NASA’s 60-Year Race to Touch The Sun

By Ian Graber-Stiehl | August 10, 2018 5:00 pm
The Parker Solar Probe will help explain the mysteries of our sun's atmosphere - a mission first envisioned more than half a century ago. (Credit: NASA/Johns Hopkins APL/Steve Gribben)

The Parker Solar Probe will help explain the mysteries of our sun’s atmosphere – a mission first envisioned more than half a century ago. (Credit: NASA/Johns Hopkins APL/Steve Gribben)

We often equate light with a lack of mystery. We elucidate or illuminate answers. So it’s tad ironic that the brightest object in our solar system remains one of its most mysterious.

Scientists still don’t understand why the sun’s corona, or atmosphere, is hotter than its surface — or why the solar wind accelerates as it races away.

We have theories: Nearly invisible nanoflares blow out heat. Waves of electrically conductive, fluid-like plasma transfer energy to other twisting waves, creating eddies that dump heat into the corona. Magnetic field lines collide and snap in new directions, propelling heat outward like atomic bombs. And waves of protons, called ion cyclotron waves, snake around the sun’s magnetic field, heating and accelerating the solar wind.

If you polled solar scientists, they’d probably say we have most of the picture, says David DeVorkin, a space historian at the National Air and Space Museum. However, it needs validation.

“There is nothing as valuable as in-situ measurements — if you survive the in-situ measurements,” he says.

That’s where NASA’s Parker Solar Probe comes in. It’ll fly closer to Dante’s inferno than we’ve ever gone.

But Parker’s full measure rests not only its potential to solve a defining astronomical mystery, but also in its history. The spacecraft will soon become NASA’s oldest successfully-launched mission proposal. It emerged during the very culture wars and power struggles that built and defined NASA.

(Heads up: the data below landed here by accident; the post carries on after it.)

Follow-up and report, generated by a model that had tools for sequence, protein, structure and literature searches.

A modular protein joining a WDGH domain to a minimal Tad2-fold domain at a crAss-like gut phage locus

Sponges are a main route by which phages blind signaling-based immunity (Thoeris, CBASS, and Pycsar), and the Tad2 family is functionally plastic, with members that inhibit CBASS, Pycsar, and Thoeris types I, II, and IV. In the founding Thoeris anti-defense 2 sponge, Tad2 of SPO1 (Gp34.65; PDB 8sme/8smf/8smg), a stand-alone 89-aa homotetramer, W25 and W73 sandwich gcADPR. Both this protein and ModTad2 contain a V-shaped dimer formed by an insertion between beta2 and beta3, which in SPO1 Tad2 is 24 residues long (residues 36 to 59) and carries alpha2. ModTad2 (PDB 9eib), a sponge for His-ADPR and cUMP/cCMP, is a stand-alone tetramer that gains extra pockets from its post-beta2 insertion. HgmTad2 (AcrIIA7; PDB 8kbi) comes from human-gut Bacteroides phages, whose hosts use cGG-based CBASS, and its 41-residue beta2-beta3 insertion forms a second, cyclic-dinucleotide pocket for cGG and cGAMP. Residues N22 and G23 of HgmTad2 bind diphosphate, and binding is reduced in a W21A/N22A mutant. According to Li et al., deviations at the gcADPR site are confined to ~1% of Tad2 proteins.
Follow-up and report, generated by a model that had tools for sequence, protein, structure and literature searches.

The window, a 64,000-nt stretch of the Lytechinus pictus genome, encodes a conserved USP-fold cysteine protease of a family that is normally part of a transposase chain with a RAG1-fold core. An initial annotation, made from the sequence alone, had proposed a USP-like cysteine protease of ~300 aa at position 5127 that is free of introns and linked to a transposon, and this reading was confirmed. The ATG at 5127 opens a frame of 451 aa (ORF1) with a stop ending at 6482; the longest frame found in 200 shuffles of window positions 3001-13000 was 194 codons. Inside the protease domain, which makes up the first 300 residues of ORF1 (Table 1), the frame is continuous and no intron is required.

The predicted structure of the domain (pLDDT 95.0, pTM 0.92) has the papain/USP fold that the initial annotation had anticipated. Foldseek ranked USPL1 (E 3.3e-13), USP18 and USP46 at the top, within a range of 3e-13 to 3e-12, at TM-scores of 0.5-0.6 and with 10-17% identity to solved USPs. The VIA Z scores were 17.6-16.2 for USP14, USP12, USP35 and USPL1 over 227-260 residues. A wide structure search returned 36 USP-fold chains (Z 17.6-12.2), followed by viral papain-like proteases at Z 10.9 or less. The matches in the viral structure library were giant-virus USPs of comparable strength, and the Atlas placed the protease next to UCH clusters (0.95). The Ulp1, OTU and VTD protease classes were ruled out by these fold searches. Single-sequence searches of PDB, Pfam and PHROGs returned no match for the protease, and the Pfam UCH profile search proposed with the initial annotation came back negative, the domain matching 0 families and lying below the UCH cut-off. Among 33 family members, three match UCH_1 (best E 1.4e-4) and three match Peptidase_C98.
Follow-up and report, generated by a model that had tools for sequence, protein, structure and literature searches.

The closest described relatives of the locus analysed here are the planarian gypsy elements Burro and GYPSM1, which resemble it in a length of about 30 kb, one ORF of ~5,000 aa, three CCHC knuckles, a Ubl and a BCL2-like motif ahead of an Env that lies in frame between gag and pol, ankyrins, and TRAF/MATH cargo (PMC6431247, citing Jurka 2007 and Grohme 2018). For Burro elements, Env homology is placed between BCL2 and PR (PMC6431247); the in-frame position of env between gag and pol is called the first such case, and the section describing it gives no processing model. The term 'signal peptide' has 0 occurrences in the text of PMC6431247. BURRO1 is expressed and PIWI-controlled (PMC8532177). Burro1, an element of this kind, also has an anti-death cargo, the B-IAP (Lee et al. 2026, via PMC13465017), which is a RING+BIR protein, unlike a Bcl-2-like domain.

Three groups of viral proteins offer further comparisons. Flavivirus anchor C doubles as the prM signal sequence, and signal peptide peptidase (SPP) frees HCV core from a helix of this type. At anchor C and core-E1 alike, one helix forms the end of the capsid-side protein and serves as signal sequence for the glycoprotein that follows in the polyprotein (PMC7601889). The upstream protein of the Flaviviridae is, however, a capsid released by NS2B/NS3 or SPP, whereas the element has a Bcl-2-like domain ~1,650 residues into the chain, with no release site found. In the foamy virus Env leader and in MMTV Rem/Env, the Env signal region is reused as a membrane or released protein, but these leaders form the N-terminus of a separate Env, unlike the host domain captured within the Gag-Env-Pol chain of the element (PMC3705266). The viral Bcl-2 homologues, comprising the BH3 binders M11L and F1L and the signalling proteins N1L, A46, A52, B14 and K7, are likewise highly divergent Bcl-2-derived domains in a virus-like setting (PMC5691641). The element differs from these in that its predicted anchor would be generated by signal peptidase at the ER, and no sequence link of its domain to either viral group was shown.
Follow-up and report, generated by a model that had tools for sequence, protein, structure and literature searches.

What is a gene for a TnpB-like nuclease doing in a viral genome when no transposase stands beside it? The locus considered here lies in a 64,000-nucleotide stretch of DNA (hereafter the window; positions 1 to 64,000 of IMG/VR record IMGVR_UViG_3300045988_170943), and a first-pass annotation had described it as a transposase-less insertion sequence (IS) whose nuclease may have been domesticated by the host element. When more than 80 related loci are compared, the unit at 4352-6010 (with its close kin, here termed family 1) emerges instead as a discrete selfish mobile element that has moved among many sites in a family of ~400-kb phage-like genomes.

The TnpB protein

NASA’s Parker Solar Probe, is prepped for launch from the Space Launch Complex 37 at Cape Canaveral in July. (Credit: NASA/Johns Hopkins APL/Ed Whitman)

NASA’s Parker Solar Probe, is prepped for launch from the Space Launch Complex 37 at Cape Canaveral in July. (Credit: NASA/Johns Hopkins APL/Ed Whitman)

Back of a Bar Tab

There were many space programs before NASA. Most of those efforts emerged after a dinner party where physicist Lloyd Berkner proposed that the International Council of Scientific Unions host an International Geophysical Year (IGY). The IGY would last from July 1957, to December 31, 1958, and would prompt scientists from the world over, Cold War be damned, to collaborate on scientific experiments.

Of course, the U.S. and Russia used IGY space science to show off their ballistic missile “launch vehicles.” However, Eisenhower initially stipulated that the U.S. not use any classified rockets. America designed the Vanguard rocket instead. This set U.S. projects behind. Then the first Vanguard failed, and Russia launched two Sputniks, shocking the world.

Soon after, Eisenhower lifted that stipulation, brought on a scientific advisor, and launched the precursor to DARPA, the Advanced Research Projects Agency (ARPA). ARPA coordinated launches with Vanguard and other rockets, working with the Army, the Naval Research Lab, Air Force Space Technology Lab, Jet Propulsion Lab (JPL), and half a dozen other research organizations.